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JACKSON, Tenn. (BP)--An unusual obituary ran in a California newspaper in August.
It was an obit for 79-year-old Delores Aguilar in the Times-Herald of Vallejo, Calif. Her daughter Virginia Brown was the writer.
"Delores had no hobbies, made no contribution to society and rarely shared a kind word or deed in her life," Brown wrote about her mother. "I speak for the majority of her family when I say her presence will not be missed by many, very few tears will be shed and there will be no lamenting over her passing."
What a way to be remembered, huh?
A columnist from another local paper, John Bogert of the Daily Breeze, went searching to determine if the obit was legitimate or a hoax. Sadly, he verified its authenticity and even spoke to Brown about why she wrote what she did.
"I wanted to do the right thing, the honest thing," Brown told Bogert. "When she died a co-worker gave me a copy of an obituary she wrote for her father as a kind of writing guide. What struck me was how my mother was none of the things I was reading. She was never there for us, she was never good and she left no legacy."
The other day I picked up a copy of the book "A Nickel's Worth of Skim Milk," by Bob Hastings. Hastings was a Baptist minister and served for several years as editor of the Illinois Baptist newspaper. The book is the story of Hastings as a boy, growing up in Southern Illinois.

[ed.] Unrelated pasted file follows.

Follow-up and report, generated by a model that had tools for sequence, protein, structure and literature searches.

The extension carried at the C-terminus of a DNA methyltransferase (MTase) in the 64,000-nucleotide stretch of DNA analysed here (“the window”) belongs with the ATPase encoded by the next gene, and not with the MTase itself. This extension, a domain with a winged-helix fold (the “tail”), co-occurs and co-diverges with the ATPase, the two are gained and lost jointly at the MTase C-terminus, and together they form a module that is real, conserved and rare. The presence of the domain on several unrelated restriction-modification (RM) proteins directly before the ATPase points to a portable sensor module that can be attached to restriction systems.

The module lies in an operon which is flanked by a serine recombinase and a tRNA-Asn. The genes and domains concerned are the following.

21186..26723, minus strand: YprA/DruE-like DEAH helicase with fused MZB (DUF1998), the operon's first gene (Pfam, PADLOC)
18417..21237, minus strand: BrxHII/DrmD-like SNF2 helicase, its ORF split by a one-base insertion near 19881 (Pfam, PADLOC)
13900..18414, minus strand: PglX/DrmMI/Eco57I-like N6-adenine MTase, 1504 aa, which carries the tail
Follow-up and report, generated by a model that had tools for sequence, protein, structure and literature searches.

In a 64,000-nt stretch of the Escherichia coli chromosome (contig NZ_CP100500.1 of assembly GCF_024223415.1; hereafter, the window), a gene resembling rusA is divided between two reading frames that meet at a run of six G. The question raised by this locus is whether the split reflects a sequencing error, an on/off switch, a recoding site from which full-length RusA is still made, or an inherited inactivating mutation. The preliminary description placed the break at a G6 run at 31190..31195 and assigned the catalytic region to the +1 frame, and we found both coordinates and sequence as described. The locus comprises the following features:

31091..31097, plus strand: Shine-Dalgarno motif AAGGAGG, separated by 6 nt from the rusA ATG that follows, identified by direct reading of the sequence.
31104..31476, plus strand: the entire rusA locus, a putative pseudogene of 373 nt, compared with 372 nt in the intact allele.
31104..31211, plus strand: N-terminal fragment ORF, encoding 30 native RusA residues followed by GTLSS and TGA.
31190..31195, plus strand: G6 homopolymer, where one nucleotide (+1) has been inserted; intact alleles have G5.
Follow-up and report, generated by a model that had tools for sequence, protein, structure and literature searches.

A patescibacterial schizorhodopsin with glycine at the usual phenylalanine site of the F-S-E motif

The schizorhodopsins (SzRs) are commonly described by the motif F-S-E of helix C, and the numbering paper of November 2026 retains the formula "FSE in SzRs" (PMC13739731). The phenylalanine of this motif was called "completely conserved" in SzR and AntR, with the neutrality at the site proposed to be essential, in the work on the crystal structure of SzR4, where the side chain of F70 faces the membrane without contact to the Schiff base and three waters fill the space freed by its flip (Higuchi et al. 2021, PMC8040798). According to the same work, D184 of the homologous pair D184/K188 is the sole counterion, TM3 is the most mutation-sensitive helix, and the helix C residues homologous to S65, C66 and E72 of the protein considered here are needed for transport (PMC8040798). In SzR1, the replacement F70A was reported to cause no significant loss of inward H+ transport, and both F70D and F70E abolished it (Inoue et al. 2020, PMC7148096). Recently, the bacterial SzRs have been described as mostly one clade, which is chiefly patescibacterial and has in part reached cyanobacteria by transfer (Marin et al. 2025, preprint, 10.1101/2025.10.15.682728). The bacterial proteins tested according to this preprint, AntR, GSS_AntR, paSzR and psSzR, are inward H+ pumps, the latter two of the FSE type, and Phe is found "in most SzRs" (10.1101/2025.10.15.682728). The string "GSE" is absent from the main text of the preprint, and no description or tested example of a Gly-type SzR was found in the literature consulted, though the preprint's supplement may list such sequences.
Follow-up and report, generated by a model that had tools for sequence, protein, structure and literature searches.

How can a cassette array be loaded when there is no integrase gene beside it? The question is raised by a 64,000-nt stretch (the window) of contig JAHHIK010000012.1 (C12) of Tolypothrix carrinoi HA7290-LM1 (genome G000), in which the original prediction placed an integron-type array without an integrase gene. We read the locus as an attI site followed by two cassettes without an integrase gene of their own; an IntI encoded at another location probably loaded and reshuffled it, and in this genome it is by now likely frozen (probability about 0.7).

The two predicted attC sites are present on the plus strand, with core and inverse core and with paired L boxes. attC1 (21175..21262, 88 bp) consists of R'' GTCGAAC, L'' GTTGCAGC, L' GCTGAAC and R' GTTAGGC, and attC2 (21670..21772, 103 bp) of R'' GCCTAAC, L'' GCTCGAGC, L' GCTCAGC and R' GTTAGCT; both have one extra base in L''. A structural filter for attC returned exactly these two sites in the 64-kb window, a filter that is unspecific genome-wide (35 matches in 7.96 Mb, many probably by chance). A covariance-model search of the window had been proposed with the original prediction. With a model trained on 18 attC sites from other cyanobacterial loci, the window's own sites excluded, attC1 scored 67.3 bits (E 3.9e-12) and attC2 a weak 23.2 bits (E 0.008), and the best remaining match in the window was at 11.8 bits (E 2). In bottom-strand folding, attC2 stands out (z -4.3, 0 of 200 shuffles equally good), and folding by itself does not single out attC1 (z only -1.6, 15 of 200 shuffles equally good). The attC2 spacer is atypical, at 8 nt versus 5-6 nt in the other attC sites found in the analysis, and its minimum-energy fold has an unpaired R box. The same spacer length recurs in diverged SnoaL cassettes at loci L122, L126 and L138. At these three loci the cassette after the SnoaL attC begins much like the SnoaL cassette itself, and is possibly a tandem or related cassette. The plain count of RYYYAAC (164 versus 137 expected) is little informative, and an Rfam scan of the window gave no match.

My childhood experiences differed considerably from his. He was a child of the Great Depression. I was a child of the 80s.
Still, there's something warm about reading the stories of others as they were growing up -- especially if the memories they are sharing are fond ones. While reading his book, I delighted to experience the accounts Hastings told of his boyhood. His parents made life happy for him, despite the tough economic circumstances.
Some of the stories he told made me smile. He recalled how at Christmas every year, his father would kill one of their chickens. His mom would dress it and dry it, and then they wrapped the bird up securely and packaged it in a box. His dad then took the chicken to the post office and mailed it to Hastings' sister in St. Louis.
"We sent what we could, and I always sensed that the package was tied by cords of love," Hastings wrote.
Reading Hastings' childhood stories made me appreciate the fact that over the next few years, I'll be largely responsible for the memories my own children will be making. Those memories will accompany them throughout their lives.
Will the thoughts they conjure up 50 years from now be recollections that make them smile? I'm fairly confident their memories will never be as bitter as Brown's are of her mother. But am I doing all I can to brighten their days and fill their lives with joy?
Too often I find myself tempted to shortchange my children to pursue my own selfish interests. Rather than playing with my son, it's easier for me to plop down and watch a ballgame. Rather than reading a Winnie the Pooh book to my daughter for the 52nd time, it's easier for me to piddle around on the computer -- doing stuff that I'd like to think is important.
As sad as Delores Aguilar's obituary is, and as extreme of an example as it is, it's a potent reminder nonetheless for those of us who are parents. What will our children say about us when we're gone?
May my children never be tempted to say about me what Brown said about her mother at the obituary's end: "There will be no service, no prayers and no closure for the family she spent a lifetime tearing apart. We cannot come together in the end to see to it that her grandchildren and great-grandchildren can say their goodbyes. So I say here for all of us, GOOD BYE, MOM."
Tim Ellsworth is director of news and media relations at Union University.